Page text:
JetProvost

    JetProvost

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    My 2cents worth as a retired engineer. Put the horse before the cart.

    1. Mission for craft.
    2. Power plant.........beyond turbine nothing since the Wright Brothers
    3. Impact Survivable passenger cabin
    4. With controls in neutral it should be stable regardless of power on/off
    5. Stall power on / off should drop nose not wing.
    6. Must have Ballistic Recovery system .
    7. Ease of construction to aid repairs later
    8. Ease of annual inspections (beware of lazy mechanics)
    9. Fire suppression system.
    10. Survive 20 years tied down outside in all weather
    11. Will insurance companies like it

    So called new planes are designed all the time, unfortunately there is nothing new about them. Too many emotions and egos 'involved.
    Get the important stuff right, then put Lipstick on the pig.
    With that said, Best of luck with a winner
     
    David Lewis and drstress like this.
  6. Jun 1, 2019 #6

    pictsidhe

    pictsidhe

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    A 6m span delta is going to have quite a lot of induced drag. Have you run any drag numbers yet?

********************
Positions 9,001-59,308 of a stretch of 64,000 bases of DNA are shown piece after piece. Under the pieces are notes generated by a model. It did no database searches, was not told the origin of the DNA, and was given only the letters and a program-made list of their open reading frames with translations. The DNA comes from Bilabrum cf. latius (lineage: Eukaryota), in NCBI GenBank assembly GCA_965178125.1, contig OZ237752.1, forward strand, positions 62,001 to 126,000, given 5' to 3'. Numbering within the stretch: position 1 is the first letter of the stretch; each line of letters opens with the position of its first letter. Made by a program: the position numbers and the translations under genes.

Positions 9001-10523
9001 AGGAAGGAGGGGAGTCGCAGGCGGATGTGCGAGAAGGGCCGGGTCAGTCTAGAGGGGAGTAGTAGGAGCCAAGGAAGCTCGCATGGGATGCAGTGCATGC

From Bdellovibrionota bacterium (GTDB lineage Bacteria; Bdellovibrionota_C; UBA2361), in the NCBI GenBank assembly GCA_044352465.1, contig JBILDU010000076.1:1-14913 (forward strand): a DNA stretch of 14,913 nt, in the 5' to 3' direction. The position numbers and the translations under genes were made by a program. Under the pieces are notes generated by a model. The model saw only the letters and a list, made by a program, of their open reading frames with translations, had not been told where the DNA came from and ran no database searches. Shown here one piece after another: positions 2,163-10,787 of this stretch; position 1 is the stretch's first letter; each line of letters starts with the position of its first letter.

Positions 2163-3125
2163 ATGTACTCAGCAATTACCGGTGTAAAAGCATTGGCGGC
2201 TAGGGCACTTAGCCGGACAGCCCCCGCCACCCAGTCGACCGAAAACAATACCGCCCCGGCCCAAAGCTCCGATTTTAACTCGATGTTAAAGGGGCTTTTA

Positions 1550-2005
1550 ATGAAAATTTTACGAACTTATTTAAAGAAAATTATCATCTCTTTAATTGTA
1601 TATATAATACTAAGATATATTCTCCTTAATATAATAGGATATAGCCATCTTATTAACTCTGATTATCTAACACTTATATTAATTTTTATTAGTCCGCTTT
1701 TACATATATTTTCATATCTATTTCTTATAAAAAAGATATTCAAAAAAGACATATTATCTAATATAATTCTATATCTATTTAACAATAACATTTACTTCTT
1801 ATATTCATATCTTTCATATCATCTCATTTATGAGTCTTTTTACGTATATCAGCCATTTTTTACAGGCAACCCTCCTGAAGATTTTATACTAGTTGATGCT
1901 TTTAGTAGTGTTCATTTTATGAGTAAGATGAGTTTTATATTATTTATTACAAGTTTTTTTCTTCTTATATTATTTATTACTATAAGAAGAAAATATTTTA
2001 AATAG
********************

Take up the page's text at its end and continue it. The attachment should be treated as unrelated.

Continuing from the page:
The important thing about thrustline is its height from cg. With the prop well behind the cg, you can angle it to get things right.
     
  7. Jun 1, 2019 #7

    Tench745

    Tench745

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    I'm no engineer or anything, but 70KG sounds extremely light for a man-carrying aircraft. Particularly one that will be fully-skinned. Curious to see where this goes, though.
     
  8. Jun 1, 2019 #8

    pictsidhe

    pictsidhe

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    Having the pilot way forward will make the cg very sensitive to his weight. With the limited cg range of a delta, this could be a PITA.

    Is this going to be a 103?
     
  9. Jun 2, 2019 #9

    Sockmonkey

    Sockmonkey

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    I have a few SU tips posted on another thread. They might be useful to you.
     
  10. Jun 2, 2019 #10

    Riggerrob

    Riggerrob

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    The OP is off to a good start with some impressive sketches.